Advice on mooring stern to.
Anyone who has been flotilla sailing in the Mediterranean will be familiar with this scenario: following a morning of drifting and sweltering in light airs, the sea breeze kicks in, and you enjoy a brisk afternoon’s sailing.
By late evening you’re knackered and ready to head into port, by now the wind is howling and the boat is starting to bury the rail, with the crew looking distinctly nervous.
You head into port feeling exhilarated, and then it hits you: MED MOORING!
A cold sweat
This is the art of reversing into a space at high speed, while wrapping your anchor cable around the nearest superyacht.
You scan the harbour frantically for an easy berth; there are none, only some miniscule gap between two very shiny new yachts.
The wind continues to howl, and your crew look at you quizzically with a kind of dogged faith; you break into a cold sweat.
Now at this point the very best place to be is sat at one of the waterside bars, sipping on a cold one. Trust me there will be an appreciative audience already there, gleefully anticipating your failure.
Anyway, you are now about two minutes away from either wiping out half the harbour or slipping insouciantly into the gap, before heading ashore to bask in the adulation of your crew.
- First things first; if you’re Med mooring, there won’t be any tide, so the wind will be the strongest force pushing you about, so this simplifies matters significantly.
- If you can gauge where the wind is trying to push you, then that’s half the battle already won, there won’t be any unpleasant surprises.
- You’re likely to be backing into quite a narrow space, so make sure the boat is well fendered before you start to make your approach. In addition to this, station one crew on the foredeck ready to let go the anchor.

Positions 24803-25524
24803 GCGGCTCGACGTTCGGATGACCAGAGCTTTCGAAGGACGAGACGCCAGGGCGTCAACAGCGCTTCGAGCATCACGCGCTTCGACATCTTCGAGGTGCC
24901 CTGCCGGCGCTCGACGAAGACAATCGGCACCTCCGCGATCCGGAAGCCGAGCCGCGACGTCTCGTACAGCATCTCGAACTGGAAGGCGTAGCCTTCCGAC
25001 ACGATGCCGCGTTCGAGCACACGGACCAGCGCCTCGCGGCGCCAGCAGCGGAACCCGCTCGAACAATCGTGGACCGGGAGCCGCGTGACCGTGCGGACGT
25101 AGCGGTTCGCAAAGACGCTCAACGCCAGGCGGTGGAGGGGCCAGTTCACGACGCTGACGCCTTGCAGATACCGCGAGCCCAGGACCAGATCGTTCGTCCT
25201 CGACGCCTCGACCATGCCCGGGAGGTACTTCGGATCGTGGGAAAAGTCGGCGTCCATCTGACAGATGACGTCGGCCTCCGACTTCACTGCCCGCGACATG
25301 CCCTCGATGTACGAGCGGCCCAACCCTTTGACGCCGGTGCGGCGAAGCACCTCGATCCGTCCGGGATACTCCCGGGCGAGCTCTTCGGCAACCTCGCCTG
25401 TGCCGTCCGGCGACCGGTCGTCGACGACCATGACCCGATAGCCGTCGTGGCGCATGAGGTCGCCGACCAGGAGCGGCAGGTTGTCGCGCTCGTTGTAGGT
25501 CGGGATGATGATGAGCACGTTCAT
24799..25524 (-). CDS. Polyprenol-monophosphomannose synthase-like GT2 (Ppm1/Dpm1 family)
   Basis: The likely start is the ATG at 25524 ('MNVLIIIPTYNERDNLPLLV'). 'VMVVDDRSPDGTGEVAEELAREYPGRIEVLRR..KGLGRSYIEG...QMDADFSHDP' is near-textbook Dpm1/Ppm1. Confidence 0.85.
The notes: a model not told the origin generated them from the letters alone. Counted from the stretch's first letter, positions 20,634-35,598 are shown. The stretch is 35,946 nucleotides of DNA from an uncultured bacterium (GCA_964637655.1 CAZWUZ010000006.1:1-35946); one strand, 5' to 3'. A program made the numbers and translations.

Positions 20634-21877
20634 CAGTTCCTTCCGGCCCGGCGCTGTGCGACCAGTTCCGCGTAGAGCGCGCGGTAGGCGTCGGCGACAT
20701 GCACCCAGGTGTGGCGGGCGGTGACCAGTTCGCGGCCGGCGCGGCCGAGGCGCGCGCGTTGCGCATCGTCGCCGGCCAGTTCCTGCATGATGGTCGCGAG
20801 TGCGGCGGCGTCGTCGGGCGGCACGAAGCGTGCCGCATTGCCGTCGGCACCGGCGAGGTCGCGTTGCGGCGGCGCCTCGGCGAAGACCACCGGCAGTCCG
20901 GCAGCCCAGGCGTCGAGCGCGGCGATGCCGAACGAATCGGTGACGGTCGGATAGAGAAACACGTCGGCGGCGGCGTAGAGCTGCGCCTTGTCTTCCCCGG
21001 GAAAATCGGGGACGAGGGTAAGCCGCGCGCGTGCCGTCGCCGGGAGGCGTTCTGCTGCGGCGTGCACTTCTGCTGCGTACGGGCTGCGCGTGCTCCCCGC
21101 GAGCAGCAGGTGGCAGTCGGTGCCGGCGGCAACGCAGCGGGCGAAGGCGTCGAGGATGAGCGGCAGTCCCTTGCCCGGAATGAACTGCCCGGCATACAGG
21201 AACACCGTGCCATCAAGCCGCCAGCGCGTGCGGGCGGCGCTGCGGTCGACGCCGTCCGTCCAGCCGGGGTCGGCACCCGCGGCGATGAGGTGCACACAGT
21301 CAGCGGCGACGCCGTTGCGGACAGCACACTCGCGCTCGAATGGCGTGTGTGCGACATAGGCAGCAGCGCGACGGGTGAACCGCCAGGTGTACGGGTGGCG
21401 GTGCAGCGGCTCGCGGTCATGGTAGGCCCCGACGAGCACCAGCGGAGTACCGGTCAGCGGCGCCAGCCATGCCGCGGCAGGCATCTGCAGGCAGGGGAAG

- Set up two stern lines off each cleat with big loops in the end of them.
- Look out for any anchor chains off the bows of boats already moored and check the direction in which they are pointing to ensure you don’t foul them.
- Start your reverse run from a long way off to establish good reverse control, then start to line yourself up with the gap about four boat lengths out.
- At about three boat lengths, have your crew lower the anchor and pay out plenty of slack whilst you reverse in as slowly as you dare without losing steerage. This will all depend on how much wind there is.
- A couple of metres off have your foredeck crew take up the strain on the anchor warp and ease the boat back towards the harbour wall.
- Have your crew step off with the stern lines and drop the loops over the nearest bollard.
- Now it’s just a question of tightening everything up; you want your stern to be about half a metre off the quay.
Some people prefer to carry out the whole manoeuvre with the bows facing towards the quay. This is easier for obvious reasons and many Med based boats will have a designated anchor in the cockpit for this purpose.
The main problem is access to the quay, as clambering over the pulpit can present a challenge to the less mobile crew.
Lazy lines can appear confusing, but actually simplify matters by eliminating the need for dropping an anchor off the bow. If you see ropes rather than anchors running from other boats, then you know what to expect.
Lazy lines normally, but by no means always, come in pairs and when not in use they are attached to the quay at one end and sinkers at the other.The procedure is much the same as for traditional Med mooring except, very importantly, you don’t drop your anchor.
After securing yourself to the quay, find the lazy lines and walk them up to the bow and then tension them up.
Again, this is a manoeuvre which can be done bows to. Another handy tip is to check the lazy lines for any wear and tear once you are moored up.
With this manoeuvre successfully accomplished, all that remains is to head ashore and enjoy that cold beer you were promising yourself, secure in the knowledge that you have proven your boathandling prowess.